How Early is Too Early for a Toddler?

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  • August 05, 2014

 

Would you like to have me answer your baby or toddler sleep problem in my next video? If so, scroll down and submit your question in the comment section below. I will pick several questions a month to answer and post them here on the blog!

 

I’m Kim West, The Sleep Lady. In today’s video blog, I’m going to answer Zoe’s question:

“Our son is 2 1/2, and as long as I can remember he has been an early riser. But since he started sleeping through the night, he has been consistently waking up on average around 5:30 a.m. In the past year at worst, it’s been around 5:00 a.m., which is too early.  There have been some short stretches where he’ll sleep until 6:00 a.m., but usually he’s awake around 5:30 a.m. and is very cranky, demanding cereal and milk and crying. He’s very upset. I can usually calm him down much easier than my husband, but we’re both wishing he would at least wake up happier and ideally say in bed until at least 6:00 a.m.

“These days, he usually goes to bed around 7:30 or 8:00 p.m. at the latest. He usually takes a nap around 1:00 p.m.  for a couple of hours. We’ve tried feeding him later. We’ve tried putting him to bed later. We just can’t seem to get him to bed anywhere earlier although we haven’t really tried in a long time. We’ve tried to bring him in to our bed and we’ve tried laying down with him on his little fold out couch in his room and sometimes he goes back to sleep. We have even tried turning on his light and telling him to look at books.  Nothing really works!  Any advice, please? -Zoe”

 

Know How Much Sleep Your Toddler Actually Needs

 

You gave me some important information here:

• He is not waking rested.

How much sleep does your toddler need?  A 2 and a half-year old needs anywhere between 10 1/2 to 11 hours of sleep at night and 1 1/2 to 2 hours of naps. He’s getting great naps and he’s close to the right amount of sleep. It would be very different if you told me, “Oh, he sleeps from 8 to 5 and he’s ready to go, makes it till 1:00 no problem,” but he’s not.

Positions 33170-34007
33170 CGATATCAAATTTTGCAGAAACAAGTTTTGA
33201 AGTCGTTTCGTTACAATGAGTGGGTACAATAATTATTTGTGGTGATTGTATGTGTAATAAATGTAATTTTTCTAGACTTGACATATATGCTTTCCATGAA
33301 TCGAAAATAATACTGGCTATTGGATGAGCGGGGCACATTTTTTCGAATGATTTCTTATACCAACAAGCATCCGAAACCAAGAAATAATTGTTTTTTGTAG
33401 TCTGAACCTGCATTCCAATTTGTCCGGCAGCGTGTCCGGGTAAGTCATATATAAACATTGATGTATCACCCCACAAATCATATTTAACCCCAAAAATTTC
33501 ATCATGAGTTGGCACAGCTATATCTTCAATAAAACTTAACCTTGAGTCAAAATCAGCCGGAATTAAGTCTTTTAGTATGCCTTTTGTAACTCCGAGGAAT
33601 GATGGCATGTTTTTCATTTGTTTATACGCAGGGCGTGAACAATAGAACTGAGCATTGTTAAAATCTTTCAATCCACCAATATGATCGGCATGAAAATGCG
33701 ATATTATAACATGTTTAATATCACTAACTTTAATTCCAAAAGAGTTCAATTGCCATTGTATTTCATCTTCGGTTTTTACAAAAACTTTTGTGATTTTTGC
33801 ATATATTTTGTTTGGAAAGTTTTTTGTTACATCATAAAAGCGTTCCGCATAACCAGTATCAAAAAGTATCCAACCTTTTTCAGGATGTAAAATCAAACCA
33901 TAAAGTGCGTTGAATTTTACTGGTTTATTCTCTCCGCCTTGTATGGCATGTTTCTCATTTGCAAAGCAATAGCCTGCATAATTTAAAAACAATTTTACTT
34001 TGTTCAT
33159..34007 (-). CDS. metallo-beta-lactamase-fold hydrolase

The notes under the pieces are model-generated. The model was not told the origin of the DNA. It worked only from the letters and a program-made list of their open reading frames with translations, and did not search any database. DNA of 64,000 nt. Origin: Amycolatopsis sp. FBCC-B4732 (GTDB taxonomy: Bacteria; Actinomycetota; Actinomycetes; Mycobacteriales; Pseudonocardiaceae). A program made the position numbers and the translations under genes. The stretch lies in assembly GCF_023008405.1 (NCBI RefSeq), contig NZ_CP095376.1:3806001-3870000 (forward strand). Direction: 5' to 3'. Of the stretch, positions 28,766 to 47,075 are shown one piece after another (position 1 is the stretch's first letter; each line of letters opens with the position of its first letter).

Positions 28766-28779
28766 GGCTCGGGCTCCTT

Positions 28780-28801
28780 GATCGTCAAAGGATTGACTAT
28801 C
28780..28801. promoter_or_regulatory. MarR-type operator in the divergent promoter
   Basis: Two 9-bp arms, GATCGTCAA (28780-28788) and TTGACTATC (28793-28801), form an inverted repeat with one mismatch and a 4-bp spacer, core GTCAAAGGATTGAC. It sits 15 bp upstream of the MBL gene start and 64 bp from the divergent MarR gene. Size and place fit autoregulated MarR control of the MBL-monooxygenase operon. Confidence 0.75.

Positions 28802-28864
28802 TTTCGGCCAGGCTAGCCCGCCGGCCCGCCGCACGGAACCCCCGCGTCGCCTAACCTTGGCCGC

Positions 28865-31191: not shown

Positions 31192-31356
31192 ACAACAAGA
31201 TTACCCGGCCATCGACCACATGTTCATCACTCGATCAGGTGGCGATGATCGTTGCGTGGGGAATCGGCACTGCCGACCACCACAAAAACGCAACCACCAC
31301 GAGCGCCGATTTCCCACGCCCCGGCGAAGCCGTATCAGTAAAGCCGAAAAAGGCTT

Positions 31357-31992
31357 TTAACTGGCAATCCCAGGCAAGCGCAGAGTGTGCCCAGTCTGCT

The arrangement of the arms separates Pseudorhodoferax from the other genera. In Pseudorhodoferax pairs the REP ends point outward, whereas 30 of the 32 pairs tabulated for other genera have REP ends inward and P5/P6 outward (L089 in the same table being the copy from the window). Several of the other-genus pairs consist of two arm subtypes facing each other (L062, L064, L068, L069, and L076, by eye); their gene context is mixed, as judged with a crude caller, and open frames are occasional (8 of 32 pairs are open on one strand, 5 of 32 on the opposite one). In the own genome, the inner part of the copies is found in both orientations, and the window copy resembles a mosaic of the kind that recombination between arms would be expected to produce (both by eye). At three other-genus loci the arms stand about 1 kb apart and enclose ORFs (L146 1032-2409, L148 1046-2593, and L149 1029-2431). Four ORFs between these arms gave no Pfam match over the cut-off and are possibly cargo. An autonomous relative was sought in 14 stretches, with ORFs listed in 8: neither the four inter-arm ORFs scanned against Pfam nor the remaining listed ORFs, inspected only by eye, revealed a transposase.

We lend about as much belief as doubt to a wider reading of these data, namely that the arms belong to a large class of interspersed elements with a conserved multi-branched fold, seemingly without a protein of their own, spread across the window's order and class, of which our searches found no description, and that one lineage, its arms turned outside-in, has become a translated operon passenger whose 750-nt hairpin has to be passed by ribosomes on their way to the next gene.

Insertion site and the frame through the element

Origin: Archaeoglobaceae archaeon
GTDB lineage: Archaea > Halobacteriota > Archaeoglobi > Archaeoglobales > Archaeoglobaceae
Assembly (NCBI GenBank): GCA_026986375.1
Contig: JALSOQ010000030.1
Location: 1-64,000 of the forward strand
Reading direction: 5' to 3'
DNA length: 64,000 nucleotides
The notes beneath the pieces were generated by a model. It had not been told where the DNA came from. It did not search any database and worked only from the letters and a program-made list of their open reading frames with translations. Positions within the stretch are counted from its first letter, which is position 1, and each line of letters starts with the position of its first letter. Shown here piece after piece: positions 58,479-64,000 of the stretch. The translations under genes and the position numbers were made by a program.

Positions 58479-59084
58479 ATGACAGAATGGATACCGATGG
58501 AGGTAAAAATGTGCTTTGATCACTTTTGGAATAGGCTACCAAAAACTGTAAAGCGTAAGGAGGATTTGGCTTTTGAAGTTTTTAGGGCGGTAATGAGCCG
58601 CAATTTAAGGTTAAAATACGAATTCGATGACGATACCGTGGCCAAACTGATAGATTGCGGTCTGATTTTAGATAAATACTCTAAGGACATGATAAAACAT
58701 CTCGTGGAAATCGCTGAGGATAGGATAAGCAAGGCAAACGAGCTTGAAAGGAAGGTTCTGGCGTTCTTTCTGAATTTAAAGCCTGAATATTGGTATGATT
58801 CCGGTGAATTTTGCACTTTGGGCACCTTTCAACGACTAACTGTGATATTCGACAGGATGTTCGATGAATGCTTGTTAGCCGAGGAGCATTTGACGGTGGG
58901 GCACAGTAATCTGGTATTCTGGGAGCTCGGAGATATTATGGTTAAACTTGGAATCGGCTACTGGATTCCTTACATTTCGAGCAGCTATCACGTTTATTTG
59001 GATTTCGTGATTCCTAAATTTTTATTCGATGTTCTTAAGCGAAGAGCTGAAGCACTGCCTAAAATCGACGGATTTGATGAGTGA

This makes me think that this isn’t about changing the bedtime, although it would be worth experimenting again if moving his bedtime closer to 7 or 7:30 p.m. for a little while helps at all.

 

Wait to Have Breakfast

 

breakfastWhen he cries at 5:00 or 5:30 a.m. in the morning, very cranky wanting cereal and milk, do you give it to him? It is possible that you might have reinforced that behavior by giving him milk and cereal. As an example: I’ve even seen this behavior reinforced with TV, “I get up at 5:00 a.m. and I escalate my behavior and then finally mom and dad turn on the cartoons or whatever I want to watch”. When this happens I find that the waking time becomes earlier and earlier and earlier over time.”

So, just in case just that’s what you’ve been doing, I would go in, do The Shuffle and stay with him because he is quite hysterical, not allow any cereal or milk, and do dramatic wake up at 6 a.m. You may want to consider a toddler clock to help with this.

• Stall breakfast.

“Oh, let’s go get the newspaper, or let the dog out, or make daddy’s coffee.” Use these distractions if you can push breakfast out a little bit later just in case that’s been reinforcing the early rising.

• Make sure he’s awake at bedtime.

I may sound like a broken record when I talk about this, but it’s so important. If he doesn’t know how to put himself to sleep at the easiest time, which is bedtime, he definitely won’t be able to do it at 5:00 a.m.

 

Watch for Signs of Sleep Apnea

 

Finally, look for any signs of obstructive sleep apnea which can cause early rising:

• Is he a loud breather?

• Is he snoring?

• Is he mouth breathing?

• Is he sweating during the night?

Also look for any restless sleep, frequent congestion, or a history of reflux. For a more comprehensive list about sleep apnea, please see chapter 15 in my book, Good Night, Sleep Tight. Additionally, I want you to go to the pediatrician and say, “ We have really been struggling with with our child’s sleep and I didn’t know that these are particular signs that I need to talk to you about to rule out an underlying medical condition that may be causing his early rising,” because obstructive sleep apnea can cause early rising.

Zoe, I hope that helps.

Video filmed by In Focus Studios

If you have a toddler who gets up too early, please share your experience on The SleepLady’s Facebook page!  Supporting each other makes parenting so much easier!

Photo credit: Nate Steiner via photopin cc

Kim West
Kim is a Licensed Clinical Social Worker who has been a practicing child and family therapist for more than 24 years, and the creator of the original gentle, proven method to get a good night’s sleep for you and your child. She is the author of The Sleep Lady's Good Night Sleep Tight, its companion Workbook and 52 Sleep Secrets for Babies. Click here to read more about her.

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